The makeover rumours were true: the faded sofas and grubby floors are long gone, replaced by stylish light wood furnishings and soft lighting. The initial impression is of a slick modern restaurant rather than a pub, and although The Red Lion has kept a lounge bar area, it's clearly aiming primarily at diners rather than drinkers these days. With an extensive and varied menu (and wine list too, for that matter, with reds and whites sub-divided into Mediterranean and World categories), there's far more on offer than the usual pub fare.
While classics such as burgers and fish and chips will keep the traditionalists happy, The Red Lion also offers creative pastas (such as strozzapreti with goat's cheese, tomato and spinach, £10.25) and stonebaked pizzas (including crispy duck, £10.45), as well as an extensive 'spit roast/stove' section which should keep even the most die-hard carnivore happy. Meaty choices range from spit-roast chicken (£12.45) to ribeye steak cooked in smoken paprika butter and served with watercress and chips (£16.45). Beefing up the menu even further are continental-style sharing plates and a selection of modern European starters, such as arancini risotto balls with peas, mint and feta (£5.95). As if all this wasn't enough, there's also a list of chef's recommendations on each table, which we unfortunately only spotted after ordering. The swanky-sounding dishes (3 starters and 3 mains) were a little fancier than those on the menu but around the same price, so it's definitely worth checking them out. On our visit, options included confit duck leg served on caramelised white cabbage with black cherry sauce (£13.95).
I finally opted for the blackened cod fillet served on a bed of egg noodles and pak choi, with mango and chilli salsa (£14.95). The generously-sized fillet was beautifully presented and delicately spiced, with the mango chunks adding an interesting complementary flavour. Filling but fresh-tasting and light, it's an ideal spring dish. The pak choi made a pretty minimal contribution and I did feel the price was a little high, but the quality of the flaky fish almost justified the mark up.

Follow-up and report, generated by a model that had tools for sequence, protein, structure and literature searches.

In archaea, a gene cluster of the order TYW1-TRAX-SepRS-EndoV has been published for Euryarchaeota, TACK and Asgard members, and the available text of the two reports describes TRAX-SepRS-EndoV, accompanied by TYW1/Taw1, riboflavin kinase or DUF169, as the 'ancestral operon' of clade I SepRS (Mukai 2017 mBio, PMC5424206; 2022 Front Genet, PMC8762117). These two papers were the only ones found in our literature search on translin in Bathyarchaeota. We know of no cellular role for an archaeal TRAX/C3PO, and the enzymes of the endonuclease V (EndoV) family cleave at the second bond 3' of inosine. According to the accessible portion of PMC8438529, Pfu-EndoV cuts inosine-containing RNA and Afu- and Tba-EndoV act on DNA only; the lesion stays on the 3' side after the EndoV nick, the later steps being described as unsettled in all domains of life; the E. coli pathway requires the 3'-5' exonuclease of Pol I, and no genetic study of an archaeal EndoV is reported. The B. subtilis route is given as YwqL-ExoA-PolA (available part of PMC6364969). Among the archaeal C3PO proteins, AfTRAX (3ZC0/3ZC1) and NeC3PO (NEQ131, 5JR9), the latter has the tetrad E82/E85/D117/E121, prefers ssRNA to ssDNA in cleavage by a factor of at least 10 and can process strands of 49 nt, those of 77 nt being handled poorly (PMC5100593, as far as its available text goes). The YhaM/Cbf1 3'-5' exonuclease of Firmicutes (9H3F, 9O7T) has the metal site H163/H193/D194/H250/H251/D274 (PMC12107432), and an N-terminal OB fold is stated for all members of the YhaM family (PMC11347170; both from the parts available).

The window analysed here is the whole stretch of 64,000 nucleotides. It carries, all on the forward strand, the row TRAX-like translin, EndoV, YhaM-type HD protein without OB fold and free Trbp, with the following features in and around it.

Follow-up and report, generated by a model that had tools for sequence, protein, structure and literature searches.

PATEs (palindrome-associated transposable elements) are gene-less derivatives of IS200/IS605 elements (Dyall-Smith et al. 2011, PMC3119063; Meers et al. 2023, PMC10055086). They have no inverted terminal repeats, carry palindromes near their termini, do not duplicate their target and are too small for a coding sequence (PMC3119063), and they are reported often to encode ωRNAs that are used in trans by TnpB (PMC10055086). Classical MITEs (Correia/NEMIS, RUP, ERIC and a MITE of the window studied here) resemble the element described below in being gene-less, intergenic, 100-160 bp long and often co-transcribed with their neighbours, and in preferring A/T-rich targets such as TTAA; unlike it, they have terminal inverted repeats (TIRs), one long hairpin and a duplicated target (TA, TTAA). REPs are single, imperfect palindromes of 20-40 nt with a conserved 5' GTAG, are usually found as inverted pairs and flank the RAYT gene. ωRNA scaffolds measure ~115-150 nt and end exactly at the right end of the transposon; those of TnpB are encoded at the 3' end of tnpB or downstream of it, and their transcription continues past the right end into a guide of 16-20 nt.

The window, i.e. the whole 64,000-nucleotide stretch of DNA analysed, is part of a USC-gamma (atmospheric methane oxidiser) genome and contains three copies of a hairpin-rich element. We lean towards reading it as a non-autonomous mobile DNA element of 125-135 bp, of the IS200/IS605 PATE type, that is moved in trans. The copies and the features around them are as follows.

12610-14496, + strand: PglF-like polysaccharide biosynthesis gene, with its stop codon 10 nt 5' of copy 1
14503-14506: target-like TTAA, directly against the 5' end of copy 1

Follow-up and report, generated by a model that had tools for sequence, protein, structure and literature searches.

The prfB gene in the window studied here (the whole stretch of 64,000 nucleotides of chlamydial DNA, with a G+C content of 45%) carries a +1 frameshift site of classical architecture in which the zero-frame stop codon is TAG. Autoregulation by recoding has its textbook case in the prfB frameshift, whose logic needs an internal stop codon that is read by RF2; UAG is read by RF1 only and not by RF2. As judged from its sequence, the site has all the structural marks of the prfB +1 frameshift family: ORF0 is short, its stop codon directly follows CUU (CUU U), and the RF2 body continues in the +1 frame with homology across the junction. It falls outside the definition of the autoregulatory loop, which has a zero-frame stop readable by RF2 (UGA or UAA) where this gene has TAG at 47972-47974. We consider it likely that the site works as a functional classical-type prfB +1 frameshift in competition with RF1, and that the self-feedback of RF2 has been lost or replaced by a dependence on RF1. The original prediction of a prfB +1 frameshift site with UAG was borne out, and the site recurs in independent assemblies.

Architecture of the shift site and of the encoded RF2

|Blackened cod fillet|
A's classic burger (£10.95), served up on a rustic wooden board, was served in a wholesome-looking sunflower seed-topped bun with a side dish of fries. Well-cooked and tasty, the addition of a hefty portion of salad may have contributed to A's 5 a day, but it also contributed to lowering the burger's temperature and made for some slightly unwieldy eating.
S chose a stonebaked margherita pizza, good value at £7.95. Topped with plenty of mozzarella, cherry tomatoes and fresh basil, it was a well-executed version of the quintessential pizza.
The dessert menu features a number of modern British classic puddings, such as brownie and ice cream, treacle tart and Eton mess (from £4.75). We opted for a sticky toffee pudding (average, made less of an impression than the creamy vanilla ice cream it was topped with) and an Eton mess (delicious, with slightly sticky homemade meringue that was just the right side of sweet), but as the lunchtime rush had begun, we had to wait over 20 minutes for our desserts to arrive.
Located near Gloucester Green in central Oxford, The Red Lion is ideally located for a mid-shopping lunch break or a pre-drinks dinner. Opened just over a month ago, it already seems like a popular place, and with a wide-ranging menu of good quality, beautifully-presented modern dishes, I can understand why. It didn't entirely set my palate on fire, but it's definitely a welcome addition to Oxford's dining scene and a much-needed alternative to the multitude of chain Italian restaurants on George Street.
The Red Lion is at 14 Gloucester Street, Oxford. Tel: 01865 726255.